By a thousand cuts

There’s plenty of debate these days about whether or not robots and AI will take our jobs. I think that they will, but not in the ways we…

There’s plenty of debate these days about whether or not robots and AI will take our jobs. I think that they will, but not in the ways we think, and that the difference is important.

Will we lose our jobs?

The debate around automation and employment today goes something like this:

Pancake time.

I am so glad this wasn’t around when I was eleven.

  • No, we will still have jobs because all this has happened before (for example, the Cotton Gin) and historically, new technologies created more jobs than they consumed. The automation of things is just the most recent example of Jevons’ Paradox: More efficiency means more new uses means more consumption.

  • Yes, but this time is different. The industrial revolution was about replacing muscles with steam; this is about replacing neurons with electricity. Machines can’t upgrade themselves; algorithms can, and the singularity is near. Tim Urban has explained this amazingly well:

Compounding is the most powerful force in the universe.

  • No, because machines are special-purpose and narrow. Humans are generalists. So the machines will actually augment us, making us better at what we do.

Work will change

So we come to the current state of this debate, namely, “the nature of work will change.” Kevin Kelly has written eloquently about the post-productivity economy. He sees the future coming, but thinks we’ll redefine work when the things that robots and algorithms do are cheap and abundant.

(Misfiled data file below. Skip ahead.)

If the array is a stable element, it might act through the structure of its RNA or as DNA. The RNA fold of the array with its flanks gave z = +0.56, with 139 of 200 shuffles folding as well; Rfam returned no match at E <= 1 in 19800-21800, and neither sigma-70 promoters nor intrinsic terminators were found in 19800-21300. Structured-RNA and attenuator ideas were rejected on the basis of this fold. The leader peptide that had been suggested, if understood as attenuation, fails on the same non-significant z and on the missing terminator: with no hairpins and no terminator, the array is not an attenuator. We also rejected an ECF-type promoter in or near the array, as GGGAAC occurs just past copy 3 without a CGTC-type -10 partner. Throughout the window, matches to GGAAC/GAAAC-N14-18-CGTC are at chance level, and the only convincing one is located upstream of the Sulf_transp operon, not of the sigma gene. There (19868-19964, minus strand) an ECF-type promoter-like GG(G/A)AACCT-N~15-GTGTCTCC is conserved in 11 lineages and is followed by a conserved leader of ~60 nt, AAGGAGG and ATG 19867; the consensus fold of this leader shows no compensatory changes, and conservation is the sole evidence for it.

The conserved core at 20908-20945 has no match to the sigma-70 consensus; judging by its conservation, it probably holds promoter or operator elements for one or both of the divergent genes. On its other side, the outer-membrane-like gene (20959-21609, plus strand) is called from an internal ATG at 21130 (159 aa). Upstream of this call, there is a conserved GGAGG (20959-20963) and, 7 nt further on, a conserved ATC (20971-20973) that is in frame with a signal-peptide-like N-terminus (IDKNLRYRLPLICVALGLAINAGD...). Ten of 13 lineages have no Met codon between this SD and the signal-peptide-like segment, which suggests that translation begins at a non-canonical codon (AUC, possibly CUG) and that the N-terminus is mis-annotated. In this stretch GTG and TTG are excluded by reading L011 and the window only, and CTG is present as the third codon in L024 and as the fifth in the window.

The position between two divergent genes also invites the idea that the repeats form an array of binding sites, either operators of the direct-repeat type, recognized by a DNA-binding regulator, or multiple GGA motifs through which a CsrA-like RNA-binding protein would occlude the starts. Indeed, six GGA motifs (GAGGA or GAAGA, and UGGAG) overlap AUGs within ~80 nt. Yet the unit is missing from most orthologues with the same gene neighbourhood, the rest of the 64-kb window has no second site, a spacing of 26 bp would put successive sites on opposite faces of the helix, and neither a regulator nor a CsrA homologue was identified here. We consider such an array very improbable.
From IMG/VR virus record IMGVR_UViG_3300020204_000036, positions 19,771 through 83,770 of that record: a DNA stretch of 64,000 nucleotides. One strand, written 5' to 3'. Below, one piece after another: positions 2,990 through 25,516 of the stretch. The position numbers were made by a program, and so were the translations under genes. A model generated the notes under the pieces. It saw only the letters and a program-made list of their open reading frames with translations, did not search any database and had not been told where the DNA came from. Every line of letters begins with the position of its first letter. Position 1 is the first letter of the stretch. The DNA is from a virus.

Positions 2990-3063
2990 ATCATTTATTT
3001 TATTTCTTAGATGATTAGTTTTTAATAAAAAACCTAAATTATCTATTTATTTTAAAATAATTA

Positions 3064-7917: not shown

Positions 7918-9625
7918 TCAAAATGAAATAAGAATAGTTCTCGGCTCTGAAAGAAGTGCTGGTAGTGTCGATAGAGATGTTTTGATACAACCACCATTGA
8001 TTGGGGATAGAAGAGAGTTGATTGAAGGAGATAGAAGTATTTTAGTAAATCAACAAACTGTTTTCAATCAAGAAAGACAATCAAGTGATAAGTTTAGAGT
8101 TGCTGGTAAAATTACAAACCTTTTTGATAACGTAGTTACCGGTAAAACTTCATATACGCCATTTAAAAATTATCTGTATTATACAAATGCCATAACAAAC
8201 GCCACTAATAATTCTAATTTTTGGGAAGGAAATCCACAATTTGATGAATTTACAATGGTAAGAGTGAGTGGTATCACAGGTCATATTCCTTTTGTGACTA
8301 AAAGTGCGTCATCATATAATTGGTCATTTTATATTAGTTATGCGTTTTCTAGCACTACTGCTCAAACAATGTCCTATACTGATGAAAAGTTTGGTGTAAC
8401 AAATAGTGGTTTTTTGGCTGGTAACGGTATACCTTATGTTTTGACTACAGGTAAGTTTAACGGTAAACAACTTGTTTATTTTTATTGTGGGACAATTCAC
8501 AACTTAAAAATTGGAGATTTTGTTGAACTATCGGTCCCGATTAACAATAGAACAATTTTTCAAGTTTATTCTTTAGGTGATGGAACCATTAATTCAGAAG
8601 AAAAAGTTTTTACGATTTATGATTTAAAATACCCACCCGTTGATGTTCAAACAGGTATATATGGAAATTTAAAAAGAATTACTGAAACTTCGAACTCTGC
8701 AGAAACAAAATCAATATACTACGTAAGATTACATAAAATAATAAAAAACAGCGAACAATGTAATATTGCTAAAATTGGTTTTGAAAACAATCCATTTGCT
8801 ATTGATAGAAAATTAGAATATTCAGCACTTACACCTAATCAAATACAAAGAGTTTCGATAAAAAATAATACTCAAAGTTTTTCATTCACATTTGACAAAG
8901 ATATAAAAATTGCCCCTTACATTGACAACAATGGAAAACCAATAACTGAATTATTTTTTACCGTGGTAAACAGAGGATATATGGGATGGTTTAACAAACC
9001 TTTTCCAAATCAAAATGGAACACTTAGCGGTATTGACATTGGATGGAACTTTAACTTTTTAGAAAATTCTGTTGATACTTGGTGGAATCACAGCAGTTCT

Meanwhile, the Pew Research Center has pointed out the huge disconnect between how many jobs will be replaced by machines, and how many of us are worried about it.

Head. In. The. Sand.

Is the future good or bad?

Personally, I’m relatively optimistic about automation, as long as we do the following things:

  1. Avoid the concentration of data and algorithms among a powerful few, the way capital has concentrated in the hands of the 0.01%.

  2. Change the metrics by which we measure how good a society is to make it less about productivity (GDP) and more about creativity or quality of life.

  3. Help people redefine what they consider a “good” career, emphasizing art, open-ended science, and so on.

  4. Find a way to ensure that just because an algorithm paints an “optimal” path, we aren’t forced to take it, because that means the road less taken is only open to those who can afford to ignore the optimum.

So, yeah, I’m not worried at all.

Death by a thousand cuts

Anyway, one of the most common objections voiced by those who think employment will continue is that machines can do some things well, but not all things. The mainstream media has done us a disservice here: Every news story about the latest AI breakthrough tends to hide the fact that it’s specialized. AlphaGo is as bad at Jeopardy as Watson is at driving cars as Tesla is at playing Go.

Heinlein famously said, “specialization is for insects.” Which is great, until you’ve played Starcraft.